Upload images to Amazon S3 with Carrierwave on Rails

While searching for ways to upload images to Amazon S3 on Rails, I stumbled upon two gems that simplifies this task, Paperclip and Carrierwave. I tried Paperclip first and made an article about it here. A senior colleague of mine recommended Carrierwave, so I tried to give it a shot and it was worth it. It is much cleaner to implement because it requires the user to create a helper class for uploading. The model just needs to mount the helper class. This separates the code for uploading unlike on Paperclip where the code for uploading is included in the model and requires the user to create a migration.

Setup Amazon S3

This article does not cover setting up an Amazon S3 bucket. This article assumes that you have already setup your Amazon S3 bucket and familiar with your AWS credentials. You should know your bucket's name, host name, AWS access id, AWS secret access key and AWS region.

Photos app

I'll demonstrate how to upload files to S3 with Carrierwave on Rails by building a simple photos app. You can download the source code here.

Create a new rails project by executing the command below.

rails new photos

Generate and migrate a Photo model with attributes "name" and "image" by executing the command below.

rails g model photo name:string image:string
rake db:migrate

Setup Figaro

Use the gem Figaro to make it easy to securely configure Rails applications.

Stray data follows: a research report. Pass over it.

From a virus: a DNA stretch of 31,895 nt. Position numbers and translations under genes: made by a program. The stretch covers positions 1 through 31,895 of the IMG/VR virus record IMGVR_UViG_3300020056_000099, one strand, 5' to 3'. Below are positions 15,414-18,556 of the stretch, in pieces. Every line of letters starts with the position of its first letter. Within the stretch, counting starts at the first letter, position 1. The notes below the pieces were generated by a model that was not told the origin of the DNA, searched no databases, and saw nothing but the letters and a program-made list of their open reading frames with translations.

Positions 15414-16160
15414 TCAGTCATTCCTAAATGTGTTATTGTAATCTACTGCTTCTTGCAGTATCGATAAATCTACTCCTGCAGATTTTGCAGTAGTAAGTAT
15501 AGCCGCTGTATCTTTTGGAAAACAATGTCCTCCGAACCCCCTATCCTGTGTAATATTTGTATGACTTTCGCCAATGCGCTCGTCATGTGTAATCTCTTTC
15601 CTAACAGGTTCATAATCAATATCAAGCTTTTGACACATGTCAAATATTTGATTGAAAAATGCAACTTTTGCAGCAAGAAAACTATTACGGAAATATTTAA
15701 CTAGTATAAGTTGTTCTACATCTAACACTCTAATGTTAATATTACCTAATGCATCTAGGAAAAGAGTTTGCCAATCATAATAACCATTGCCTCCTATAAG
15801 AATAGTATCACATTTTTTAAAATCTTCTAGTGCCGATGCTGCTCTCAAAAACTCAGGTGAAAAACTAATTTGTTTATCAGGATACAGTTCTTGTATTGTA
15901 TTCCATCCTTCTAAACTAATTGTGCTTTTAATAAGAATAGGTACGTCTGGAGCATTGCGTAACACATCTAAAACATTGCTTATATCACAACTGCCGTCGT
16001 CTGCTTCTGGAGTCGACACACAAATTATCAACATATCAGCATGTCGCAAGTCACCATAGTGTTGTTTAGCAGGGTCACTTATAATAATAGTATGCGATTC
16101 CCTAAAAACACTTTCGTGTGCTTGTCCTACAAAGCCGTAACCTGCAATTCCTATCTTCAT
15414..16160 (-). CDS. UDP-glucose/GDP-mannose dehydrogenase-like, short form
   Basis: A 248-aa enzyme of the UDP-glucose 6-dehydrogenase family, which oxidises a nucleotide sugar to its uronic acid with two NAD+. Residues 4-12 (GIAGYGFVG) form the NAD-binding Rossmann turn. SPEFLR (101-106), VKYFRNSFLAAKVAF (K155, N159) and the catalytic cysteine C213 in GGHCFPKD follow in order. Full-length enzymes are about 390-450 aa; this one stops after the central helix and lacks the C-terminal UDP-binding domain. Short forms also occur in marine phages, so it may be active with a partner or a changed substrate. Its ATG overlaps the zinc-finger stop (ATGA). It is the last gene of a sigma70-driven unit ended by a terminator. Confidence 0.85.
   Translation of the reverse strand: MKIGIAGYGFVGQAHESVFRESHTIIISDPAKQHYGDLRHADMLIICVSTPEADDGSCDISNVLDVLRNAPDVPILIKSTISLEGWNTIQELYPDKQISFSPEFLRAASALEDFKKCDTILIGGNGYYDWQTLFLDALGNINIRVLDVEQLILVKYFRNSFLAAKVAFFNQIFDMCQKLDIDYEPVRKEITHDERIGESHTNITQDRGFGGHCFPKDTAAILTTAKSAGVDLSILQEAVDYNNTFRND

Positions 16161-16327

Add figaro gem to your Gemfile.

gem 'figaro'

Install figaro.

bundle install
bundle exec figaro install

This will generate an application.yml file at the config directory. The file's content should look like the code below. Replace the value with your Amazon S3 bucket's credentials.


S3_BUCKET_NAME: "mybucketname"
AWS_SECRET_ACCESS_KEY: "HJD348asd3dgdj3ysdjshHDSJ39DSH393D"
AWS_REGION: "ap-southeast-1"

This file contains the credentials for your S3 bucket and shouldn't be added to your git repository, fortunately figaro adds this file to your .gitignore file upon installation. A good practice for using figaro is adding an application.yml.template file to your repository's config directory so that other users can just copy its contents when setting up their application.yml on their new development environment.



Setup Carrierwave

Add these lines to the Gemfile.

gem 'carrierwave'
gem 'mini_magick'
gem 'fog'

Carrierwave is a gem for uploading files. MiniMagick is a gem for resizing images and Fog::AWS is a gem that adds support for Amazon Web Services. Install these gems by executing the command below.

bundle install

Generate an image uploader by executing the command below.

rails g uploader image

Executing the command above generates an ImageUploader class at app/uploaders/image_uploader.rb

class ImageUploader < CarrierWave::Uploader::Base

  include CarrierWave::MiniMagick

  storage :fog

  def store_dir

  version :thumb do
    process :resize_to_fit => [950, 850]


Carrierwave supports the gems MiniMagick and RMagick for photo resizing. In this case I chose to use MiniMagick because it is more lightweight compared to RMagick. Set fog as the storage option instead of file, because we are gonna use Amazon S3 for storage. The method stor_dir sets where the file should be uploaded.

Mount the image uploader on the Photo model.


class Photo < ActiveRecord::Base
  mount_uploader :image, ImageUploader

Configure Carrierwave to use S3 credentials and stop it from using SSL when accessing the bucket.


CarrierWave.configure do |config|